With Bullock on the team, the conventional "Blind Side" is a winner
The new film "The Blind Side" opens with that now-famous 1985 scene of New York Giants lineman Lawrence Taylor shattering Washington Redskins quarterback Joe Theismann’s leg and his NFL career. Much like that scene itself you’ve seen everything in the winning “The Blind Side” before: player rising above challenging circumstances to become a star with help from those around them. But unlike other sports films, the differences with "The Blind Side" reside in two words: Sandra Bullock. The engaging Bullock commands every scene she's in, and she's the primary reason to see the crowd-pleasing but otherwise conventional sports film.
"The Blind Side" tells the inspirational story of Baltimore Ravens linebacker Michael Oher (newcomer Quinton Aaron), who grew up poor and mostly homeless in the projects of Memphis. Through the help of an acquaintance, he gets into a private Christian school where the children of the wealthy Sean (country singer Tim MacGraw) and Leigh Anne Touhy (Bullock) attend.
When the Tuohy's learn of his difficult circumstances, they take him in, giving him food, clothing and a place to stay, eventually becoming his guardians. They help him shore up his athletic abilities to get him on the football team and hire a tutor named Miss Sue (Kathy Bates) to help him get his grades up in order to stay on the team. Michael becomes a star player in the process, highly recruited by many big universities, though his rocky past threatens to hinder a bright future.
"The Blind Side" is an entertaining, heart-warming but clichéd sports movie that is prime example of what an actor can mean to a movie, for without Bullock, this would easily drift off into its own sappiness and old-fashioned ideas. More so, it's a sports movie that's not really about sports and it wears its message of people overcoming obstacles to achieve their true potential loud and clear, and Oher certainly had big problems: essentially no family, no home or even clean clothes. The fact you’ve seen all this before is only helped by the flashy addition of Bullock, who struts in, pours on the Southern charm and gives it some emotional connection.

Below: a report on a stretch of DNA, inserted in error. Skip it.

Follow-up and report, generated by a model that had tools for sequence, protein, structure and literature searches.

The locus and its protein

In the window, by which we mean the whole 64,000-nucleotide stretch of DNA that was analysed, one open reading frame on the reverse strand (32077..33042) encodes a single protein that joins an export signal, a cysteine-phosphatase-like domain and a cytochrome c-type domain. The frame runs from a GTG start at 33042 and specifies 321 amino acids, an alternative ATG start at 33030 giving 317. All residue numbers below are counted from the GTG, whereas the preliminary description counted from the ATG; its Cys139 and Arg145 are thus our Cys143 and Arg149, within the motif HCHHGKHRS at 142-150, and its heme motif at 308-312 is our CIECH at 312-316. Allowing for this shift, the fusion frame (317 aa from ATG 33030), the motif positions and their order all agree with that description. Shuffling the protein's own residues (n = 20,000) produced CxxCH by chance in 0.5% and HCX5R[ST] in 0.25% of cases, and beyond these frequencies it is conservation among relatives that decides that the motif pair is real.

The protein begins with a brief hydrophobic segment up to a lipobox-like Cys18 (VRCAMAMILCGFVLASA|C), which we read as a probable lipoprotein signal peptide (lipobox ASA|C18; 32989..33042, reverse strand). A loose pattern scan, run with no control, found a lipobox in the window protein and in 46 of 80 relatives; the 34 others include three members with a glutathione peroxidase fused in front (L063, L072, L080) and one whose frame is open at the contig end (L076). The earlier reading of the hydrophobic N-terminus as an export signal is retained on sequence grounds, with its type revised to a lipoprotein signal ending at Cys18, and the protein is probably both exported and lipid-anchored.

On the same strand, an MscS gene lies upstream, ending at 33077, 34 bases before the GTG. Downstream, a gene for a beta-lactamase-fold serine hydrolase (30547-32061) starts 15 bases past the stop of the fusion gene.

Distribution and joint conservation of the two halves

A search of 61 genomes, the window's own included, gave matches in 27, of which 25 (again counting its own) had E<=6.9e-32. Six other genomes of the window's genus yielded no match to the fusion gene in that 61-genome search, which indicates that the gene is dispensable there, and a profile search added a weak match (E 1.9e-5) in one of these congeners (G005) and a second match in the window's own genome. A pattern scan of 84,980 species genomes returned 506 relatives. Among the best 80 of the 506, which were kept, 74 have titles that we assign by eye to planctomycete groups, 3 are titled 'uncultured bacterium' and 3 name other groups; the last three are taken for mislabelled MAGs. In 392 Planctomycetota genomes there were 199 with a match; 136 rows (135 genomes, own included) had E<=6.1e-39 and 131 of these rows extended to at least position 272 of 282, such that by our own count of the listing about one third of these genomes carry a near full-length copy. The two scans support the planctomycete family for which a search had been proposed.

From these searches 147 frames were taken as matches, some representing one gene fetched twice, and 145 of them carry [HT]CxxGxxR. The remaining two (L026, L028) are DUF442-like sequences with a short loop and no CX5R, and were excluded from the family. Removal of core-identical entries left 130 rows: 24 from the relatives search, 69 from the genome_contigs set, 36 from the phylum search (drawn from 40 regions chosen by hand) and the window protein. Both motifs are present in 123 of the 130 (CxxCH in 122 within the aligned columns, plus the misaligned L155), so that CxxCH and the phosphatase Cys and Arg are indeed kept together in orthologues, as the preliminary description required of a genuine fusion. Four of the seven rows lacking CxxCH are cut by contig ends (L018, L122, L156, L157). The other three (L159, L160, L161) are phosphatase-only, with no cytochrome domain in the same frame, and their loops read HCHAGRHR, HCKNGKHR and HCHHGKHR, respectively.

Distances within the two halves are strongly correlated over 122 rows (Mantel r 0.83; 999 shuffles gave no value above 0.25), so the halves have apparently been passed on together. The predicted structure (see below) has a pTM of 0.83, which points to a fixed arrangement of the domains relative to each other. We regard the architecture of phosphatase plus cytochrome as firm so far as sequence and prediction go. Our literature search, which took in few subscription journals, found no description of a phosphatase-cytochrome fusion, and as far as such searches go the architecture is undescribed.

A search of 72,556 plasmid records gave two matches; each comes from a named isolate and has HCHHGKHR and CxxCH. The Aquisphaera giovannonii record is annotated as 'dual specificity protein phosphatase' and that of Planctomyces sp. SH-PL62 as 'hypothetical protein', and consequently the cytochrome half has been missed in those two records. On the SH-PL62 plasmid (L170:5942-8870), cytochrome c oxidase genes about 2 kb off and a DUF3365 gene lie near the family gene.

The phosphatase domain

The camera is clearly in love with her in “The Blind Side,” wearing a blonde wig and dressed sharply as the wealthy, feisty and opinionated Southern Belle with a heart of gold who also packs heat in her purse. The role isn't really a stretch for Bullock - she's played many strong women before - and notions of Oscar talk would be even more of a stretch (but we can forgive her for the dreadful “All About Steve”). That's not to say she isn't good, she ably carries the movie on her shoulders, which is saying a lot given Oscar-winner Bates’ huge presence as Oher’s tutor. "I have something to tell you," she breathlessly says upon meeting Leigh Anne, "I'm a Democrat."
Director John Lee Hancock, who helmed the similarly-themed sports film "The Rookie,” is wise enough to let Bullock do what she does best and handles the sports theme serviceably, managing the football scenes with enough energy and humor to appeal even to the non-sports fan. However, Hancock's script falls prey to the usual rags-to-riches clichés and dramatic liberties with the timeline, particularly having Oher become an overnight sensation with a host of college coaches knocking at his door (played by a gallery of actual college coaches as themselves - including Nick Saban, Lou Holtz and Phil Fulmer - a humorous gimmick to attract sports fans) when in fact all this took a little time to unfold.
Newcomer Aaron gives a low-key, sensitive performance that represents Oher well; MacGraw is decent though the script considerably undervalues Mr. Tuohy’s role in this, while Bates makes even the smallest of roles fun. The ending is remarkably and emotionally even-keeled, though you'll still need a few tissues, particularly in that final embrace between Mrs. Tuohy and Oher, and stay over for the credits to see all the real-life folks in video and snapshots.
Hancock could've trimmed "The Blind Side" as it goes on a shade too long, and while this clearly isn't a movie about racism, it doesn't fully explore the racial implications of a story that plays like a deep South version of "Diff'rent Strokes" that is too good to be true, except that it is true. But after you’re entertained and suitably inspired by Oher's story and the lovely Bullock, that may not mean as much.